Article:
One of the indicators of the strength of a small school is the number of their ‘graduates’ who have gone on to selective entry high schools.

What about the sports and the dances? Ask, is the sports program at the bigger school better than you can find in your community for this age group? For the truly athletic, community athletics up until at least the varsity high school level are going to be essential for a student with college bound or greater aspirations. I have yet to meet the school Director who has solved the small school challenge of holding a dance with a dozen Grade 8 classmates that doesn’t feel like dancing with your sister or brother.

Should I attend a School Fair?

I attend a number of school fairs every year in Canada and around the world. They serve a very important purpose but you must take in what you learn and afterward evaluate all that you have been told.

Yesterday, in Mexico, a woman arrived at my table and said “every school I have visited so far has told me they are the best, are you the best too?” My reply was, “that depends on what you are looking for.” Was it an ESL program? No, we offer ESL support instead of full classes. Was it the best boarding program? Maybe, tell me more about your child… Remember, it is all about finding the right fit and the ‘best’ program for your child.

At this fair, there were public school home stay programs for $20,000, private for profit boarding schools with almost entirely international student populations for $36,000, then there were the not for profit CAIS boarding schools from $50,000 to $60,000 per year. Most of the high schools were from Canada and it was clear that with everyone saying they were the best, it had made it difficult for this mother the tell the difference between the options being presented to her.

As an aside, in my seventeen years in Admission things have changed on the marketing front for Canadian schools as we assert our quality in the world education market. It is not very ‘Canadian’ to claim you are the best. It is more appropriate to let others tell you “you are the best” than claim it yourself. Why? Because “the best” is relative, personal, and student specific. Beware the school that claims they are the best. In Canada, it is more acceptable to be “one of the best” or one of the ‘top’ schools.

In this case, the mother needs to assess at least three factors:

Her child
What is her level of English fluency? Does she need ESL? How much? Would extra help be enough?
What is her academic level? Does she need tutoring or extra help? Does she have an identified learning difference? What supports does the school offer?
What is her personality? Is she shy? Would a smaller school, smaller residence be better? If home stay, how are the appropriate families chosen for her personality and her family’s values? Will the school draw her into new activities and experiences?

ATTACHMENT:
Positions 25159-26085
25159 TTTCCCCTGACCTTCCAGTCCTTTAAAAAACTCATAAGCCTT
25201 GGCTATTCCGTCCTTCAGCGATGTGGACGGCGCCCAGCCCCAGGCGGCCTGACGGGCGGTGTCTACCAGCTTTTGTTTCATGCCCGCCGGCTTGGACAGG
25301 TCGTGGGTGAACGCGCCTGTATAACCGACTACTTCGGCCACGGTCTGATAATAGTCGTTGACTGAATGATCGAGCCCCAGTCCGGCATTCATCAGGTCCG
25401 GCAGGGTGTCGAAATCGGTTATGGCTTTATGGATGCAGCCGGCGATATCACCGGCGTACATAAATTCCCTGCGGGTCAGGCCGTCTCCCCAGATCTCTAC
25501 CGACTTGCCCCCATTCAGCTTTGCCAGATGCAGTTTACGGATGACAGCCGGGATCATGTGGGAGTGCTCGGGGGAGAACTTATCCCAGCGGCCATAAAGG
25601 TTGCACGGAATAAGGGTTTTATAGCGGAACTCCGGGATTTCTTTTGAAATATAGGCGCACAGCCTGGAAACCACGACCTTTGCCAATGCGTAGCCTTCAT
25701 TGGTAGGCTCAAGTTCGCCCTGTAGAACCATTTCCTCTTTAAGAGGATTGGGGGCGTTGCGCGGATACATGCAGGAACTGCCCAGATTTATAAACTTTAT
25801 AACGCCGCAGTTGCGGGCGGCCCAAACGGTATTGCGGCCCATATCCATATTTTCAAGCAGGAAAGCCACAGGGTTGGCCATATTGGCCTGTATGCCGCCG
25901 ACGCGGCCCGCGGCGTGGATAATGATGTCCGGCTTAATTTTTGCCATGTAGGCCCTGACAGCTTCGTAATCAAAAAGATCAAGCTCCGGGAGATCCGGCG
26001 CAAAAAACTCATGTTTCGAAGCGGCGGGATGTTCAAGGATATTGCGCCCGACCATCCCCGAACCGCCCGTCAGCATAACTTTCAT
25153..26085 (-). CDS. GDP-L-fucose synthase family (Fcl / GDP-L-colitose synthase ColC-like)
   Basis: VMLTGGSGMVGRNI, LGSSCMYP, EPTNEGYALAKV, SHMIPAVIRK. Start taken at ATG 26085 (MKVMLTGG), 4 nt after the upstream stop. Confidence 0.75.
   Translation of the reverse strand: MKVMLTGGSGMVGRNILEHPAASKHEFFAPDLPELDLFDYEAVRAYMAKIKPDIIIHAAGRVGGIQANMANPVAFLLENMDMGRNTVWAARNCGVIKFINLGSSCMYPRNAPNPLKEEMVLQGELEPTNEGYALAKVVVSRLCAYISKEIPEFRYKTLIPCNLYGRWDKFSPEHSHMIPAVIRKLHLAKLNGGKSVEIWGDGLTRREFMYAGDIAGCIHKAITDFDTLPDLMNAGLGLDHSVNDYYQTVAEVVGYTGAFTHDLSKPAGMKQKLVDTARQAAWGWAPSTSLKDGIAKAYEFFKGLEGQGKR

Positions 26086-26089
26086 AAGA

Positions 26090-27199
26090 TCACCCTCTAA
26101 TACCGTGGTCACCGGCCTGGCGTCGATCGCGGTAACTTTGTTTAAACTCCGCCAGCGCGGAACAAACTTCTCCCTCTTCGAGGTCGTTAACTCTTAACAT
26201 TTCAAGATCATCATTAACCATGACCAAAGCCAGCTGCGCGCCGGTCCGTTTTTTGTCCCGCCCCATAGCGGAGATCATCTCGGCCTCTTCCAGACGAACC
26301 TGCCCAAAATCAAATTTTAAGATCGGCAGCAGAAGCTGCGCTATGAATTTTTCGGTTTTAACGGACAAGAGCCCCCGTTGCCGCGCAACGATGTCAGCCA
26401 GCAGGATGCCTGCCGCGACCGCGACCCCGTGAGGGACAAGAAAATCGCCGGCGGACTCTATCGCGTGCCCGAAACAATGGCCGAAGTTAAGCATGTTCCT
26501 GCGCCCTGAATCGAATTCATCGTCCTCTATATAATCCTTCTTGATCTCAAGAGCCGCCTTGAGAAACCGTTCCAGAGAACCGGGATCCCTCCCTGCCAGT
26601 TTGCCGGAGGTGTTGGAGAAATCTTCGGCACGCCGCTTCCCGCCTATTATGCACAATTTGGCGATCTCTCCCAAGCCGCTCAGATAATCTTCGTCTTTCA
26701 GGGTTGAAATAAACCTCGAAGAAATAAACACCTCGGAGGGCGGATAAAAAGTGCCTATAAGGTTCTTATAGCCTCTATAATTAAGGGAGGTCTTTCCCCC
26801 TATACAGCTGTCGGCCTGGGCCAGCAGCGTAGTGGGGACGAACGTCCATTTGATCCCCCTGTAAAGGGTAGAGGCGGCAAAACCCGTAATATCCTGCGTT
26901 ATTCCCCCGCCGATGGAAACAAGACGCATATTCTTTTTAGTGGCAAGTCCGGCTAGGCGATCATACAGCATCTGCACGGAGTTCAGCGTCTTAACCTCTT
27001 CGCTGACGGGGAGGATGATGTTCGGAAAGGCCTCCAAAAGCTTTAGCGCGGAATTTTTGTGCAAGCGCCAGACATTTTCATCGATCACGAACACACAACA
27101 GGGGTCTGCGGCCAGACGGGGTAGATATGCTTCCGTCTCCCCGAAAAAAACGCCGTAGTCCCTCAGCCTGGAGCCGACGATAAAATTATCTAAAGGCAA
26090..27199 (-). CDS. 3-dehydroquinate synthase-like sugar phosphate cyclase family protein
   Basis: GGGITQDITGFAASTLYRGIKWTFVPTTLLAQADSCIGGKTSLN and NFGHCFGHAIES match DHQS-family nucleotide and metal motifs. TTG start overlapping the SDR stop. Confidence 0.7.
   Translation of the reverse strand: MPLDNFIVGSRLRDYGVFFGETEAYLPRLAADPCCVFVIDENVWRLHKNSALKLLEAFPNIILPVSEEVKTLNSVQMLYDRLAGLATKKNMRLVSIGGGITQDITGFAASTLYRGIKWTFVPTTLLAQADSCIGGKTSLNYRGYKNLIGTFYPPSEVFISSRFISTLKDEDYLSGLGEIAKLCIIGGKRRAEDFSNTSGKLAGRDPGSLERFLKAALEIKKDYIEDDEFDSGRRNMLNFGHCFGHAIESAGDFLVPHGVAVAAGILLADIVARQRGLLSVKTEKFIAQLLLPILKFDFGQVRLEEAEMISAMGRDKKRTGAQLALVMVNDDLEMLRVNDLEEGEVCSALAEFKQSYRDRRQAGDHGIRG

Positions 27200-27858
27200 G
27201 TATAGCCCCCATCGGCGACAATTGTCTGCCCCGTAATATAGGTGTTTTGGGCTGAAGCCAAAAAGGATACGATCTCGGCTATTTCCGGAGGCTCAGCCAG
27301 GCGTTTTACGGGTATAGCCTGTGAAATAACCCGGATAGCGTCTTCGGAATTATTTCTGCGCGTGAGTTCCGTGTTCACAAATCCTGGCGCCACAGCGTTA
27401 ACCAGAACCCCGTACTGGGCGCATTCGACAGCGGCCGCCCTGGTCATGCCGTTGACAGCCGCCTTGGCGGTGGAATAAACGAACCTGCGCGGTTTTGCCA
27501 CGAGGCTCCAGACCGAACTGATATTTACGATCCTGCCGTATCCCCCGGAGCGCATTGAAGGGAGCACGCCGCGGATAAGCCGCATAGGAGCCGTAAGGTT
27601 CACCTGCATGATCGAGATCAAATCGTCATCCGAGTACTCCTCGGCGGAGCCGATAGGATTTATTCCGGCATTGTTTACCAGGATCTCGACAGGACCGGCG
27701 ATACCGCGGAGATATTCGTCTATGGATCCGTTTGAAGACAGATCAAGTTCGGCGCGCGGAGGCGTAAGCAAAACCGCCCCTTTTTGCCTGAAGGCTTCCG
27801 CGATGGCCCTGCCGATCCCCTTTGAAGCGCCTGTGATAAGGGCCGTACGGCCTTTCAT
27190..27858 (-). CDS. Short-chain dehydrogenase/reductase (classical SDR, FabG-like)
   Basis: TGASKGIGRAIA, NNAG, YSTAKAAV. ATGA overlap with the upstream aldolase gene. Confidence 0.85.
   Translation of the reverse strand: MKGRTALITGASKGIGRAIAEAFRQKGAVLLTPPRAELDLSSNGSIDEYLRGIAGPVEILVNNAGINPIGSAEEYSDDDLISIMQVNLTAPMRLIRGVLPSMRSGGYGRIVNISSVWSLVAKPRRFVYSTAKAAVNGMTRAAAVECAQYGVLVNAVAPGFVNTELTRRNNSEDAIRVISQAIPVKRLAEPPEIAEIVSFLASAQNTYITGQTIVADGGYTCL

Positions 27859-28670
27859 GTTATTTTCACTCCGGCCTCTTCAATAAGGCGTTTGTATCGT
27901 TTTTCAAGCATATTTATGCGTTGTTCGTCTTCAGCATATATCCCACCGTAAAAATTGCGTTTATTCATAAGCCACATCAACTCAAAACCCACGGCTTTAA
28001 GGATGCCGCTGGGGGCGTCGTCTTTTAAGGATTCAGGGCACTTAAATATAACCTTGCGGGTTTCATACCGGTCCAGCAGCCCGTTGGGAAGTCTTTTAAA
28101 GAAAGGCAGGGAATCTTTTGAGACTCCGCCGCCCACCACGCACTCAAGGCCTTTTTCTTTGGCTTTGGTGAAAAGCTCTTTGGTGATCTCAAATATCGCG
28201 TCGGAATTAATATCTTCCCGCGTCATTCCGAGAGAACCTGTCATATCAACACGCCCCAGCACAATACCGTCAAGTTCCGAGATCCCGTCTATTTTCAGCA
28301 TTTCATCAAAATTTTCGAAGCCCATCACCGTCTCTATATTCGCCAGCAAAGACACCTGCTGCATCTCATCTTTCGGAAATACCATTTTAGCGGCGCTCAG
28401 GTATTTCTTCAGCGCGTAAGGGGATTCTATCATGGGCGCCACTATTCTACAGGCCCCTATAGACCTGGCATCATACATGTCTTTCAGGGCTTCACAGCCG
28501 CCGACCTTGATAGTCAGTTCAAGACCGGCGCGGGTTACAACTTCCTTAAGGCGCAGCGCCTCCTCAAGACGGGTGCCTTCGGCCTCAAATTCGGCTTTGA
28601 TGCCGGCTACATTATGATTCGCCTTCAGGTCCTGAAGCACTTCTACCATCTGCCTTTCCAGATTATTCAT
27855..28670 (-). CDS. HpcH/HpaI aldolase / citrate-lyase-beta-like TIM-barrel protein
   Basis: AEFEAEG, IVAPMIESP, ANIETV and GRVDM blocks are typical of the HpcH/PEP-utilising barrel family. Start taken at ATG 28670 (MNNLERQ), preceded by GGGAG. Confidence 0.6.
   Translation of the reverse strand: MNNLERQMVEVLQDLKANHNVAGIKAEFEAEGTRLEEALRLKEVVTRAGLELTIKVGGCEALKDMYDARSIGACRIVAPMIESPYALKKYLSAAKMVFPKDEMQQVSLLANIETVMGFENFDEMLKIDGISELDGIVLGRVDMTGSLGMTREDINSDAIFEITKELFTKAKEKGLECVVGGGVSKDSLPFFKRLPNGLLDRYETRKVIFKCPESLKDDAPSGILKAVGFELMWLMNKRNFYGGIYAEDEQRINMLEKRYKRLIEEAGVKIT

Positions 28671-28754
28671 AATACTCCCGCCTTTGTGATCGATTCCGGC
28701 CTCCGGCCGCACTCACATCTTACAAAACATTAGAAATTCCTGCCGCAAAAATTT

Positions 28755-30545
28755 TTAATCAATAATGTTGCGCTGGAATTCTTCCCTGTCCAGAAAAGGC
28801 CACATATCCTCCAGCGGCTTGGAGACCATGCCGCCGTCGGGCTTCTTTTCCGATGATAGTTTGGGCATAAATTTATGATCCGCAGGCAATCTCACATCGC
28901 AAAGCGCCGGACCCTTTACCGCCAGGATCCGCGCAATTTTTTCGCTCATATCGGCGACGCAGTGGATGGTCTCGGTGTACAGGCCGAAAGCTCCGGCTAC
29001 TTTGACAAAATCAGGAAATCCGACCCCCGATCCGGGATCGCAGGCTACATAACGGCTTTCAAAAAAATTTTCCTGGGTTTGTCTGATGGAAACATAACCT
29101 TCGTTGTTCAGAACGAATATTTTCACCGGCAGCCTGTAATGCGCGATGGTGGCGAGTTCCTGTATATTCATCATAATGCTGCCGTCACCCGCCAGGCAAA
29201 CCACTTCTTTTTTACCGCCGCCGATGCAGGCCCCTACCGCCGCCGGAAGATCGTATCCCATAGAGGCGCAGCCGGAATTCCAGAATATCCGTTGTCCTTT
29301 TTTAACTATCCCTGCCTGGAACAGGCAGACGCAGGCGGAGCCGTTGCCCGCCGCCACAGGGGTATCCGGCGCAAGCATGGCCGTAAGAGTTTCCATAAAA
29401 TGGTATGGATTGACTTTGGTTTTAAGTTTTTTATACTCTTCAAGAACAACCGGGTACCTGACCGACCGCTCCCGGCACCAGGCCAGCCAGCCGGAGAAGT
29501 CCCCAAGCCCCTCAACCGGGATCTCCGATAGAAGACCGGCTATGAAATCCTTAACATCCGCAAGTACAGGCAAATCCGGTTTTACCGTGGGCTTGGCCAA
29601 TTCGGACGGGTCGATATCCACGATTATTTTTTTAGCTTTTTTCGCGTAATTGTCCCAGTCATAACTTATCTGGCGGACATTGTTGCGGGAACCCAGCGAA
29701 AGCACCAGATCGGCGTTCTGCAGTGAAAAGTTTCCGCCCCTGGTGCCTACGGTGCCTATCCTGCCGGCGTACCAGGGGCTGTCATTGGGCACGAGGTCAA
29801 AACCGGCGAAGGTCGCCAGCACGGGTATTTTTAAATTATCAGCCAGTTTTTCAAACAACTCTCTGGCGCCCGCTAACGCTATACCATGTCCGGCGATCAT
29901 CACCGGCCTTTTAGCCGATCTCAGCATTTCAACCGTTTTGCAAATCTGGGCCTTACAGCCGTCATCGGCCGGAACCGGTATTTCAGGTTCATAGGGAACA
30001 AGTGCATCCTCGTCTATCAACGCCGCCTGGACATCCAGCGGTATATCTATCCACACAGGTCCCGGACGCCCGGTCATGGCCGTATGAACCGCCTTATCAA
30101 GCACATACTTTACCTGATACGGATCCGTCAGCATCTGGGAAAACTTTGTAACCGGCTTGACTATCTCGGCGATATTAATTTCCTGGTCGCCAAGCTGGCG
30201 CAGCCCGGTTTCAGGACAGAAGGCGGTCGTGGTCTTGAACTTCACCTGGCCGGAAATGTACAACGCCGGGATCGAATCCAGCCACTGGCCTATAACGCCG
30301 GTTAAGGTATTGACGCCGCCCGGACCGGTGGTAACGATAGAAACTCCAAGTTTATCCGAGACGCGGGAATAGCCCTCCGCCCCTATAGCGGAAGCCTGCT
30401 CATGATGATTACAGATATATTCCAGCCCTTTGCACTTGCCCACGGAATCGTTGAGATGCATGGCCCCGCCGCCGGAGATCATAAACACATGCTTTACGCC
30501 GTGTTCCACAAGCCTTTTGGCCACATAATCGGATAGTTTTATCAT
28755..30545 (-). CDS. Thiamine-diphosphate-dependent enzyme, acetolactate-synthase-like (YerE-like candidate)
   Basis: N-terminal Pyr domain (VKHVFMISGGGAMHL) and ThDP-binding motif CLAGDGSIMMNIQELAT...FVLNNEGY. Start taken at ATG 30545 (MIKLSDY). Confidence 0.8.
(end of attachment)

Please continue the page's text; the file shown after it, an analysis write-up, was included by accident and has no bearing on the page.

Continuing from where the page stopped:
Is she outgoing? Does the school offer enough cocurriculars to keep her engaged?

The Academic Program
Does the school offer ESL? Is it required?
What is the school’s graduation rate?
Where do the school’s graduates attend university?
What is she looking for? The two year IB, APs or the Canadian curriculum qualifying her for universities around the world? (See earlier blog post “To IB or not to IB”
What is the measure of art, music, drama, languages, science, maths and social sciences desired?

Her budget
Is this an investment in her academic future or a right of passage “language experience?”
How much could she afford? Keeping in mind that many CAIS schools offer scholarships and need-based financial assistance for good students (often making the cost of boarding equal to one of the cheaper options).
How much supervision and outside of class time programming is desired? In this regard, often, you get what you pay for.

Sifting your way through the missions, curriculums and value propositions presented by schools is not an easy task. Attending a school fair cannot hurt and invariably a parent and student will leave wiser and better equipped to ask the right questions of the schools on their short list.

I look forward to meeting you at a school fair in the near future.

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A matter of size – “the right size” school for every student

School size can be a key factor in school selection. It can also be a defining characteristic of a school, so much so that in LCS’s case, the Trustees have decreed that the school shall not have a student body of more than 365. Sometimes we end up at 366 when the dust settles at the end of our offer period, but to end up with 367 we have to get Board Chair approval. We don’t bother asking about 368 as we know that is out of the question. Why is size so closely guarded? It can matter in so many ways when choosing the right school.

Overall School Size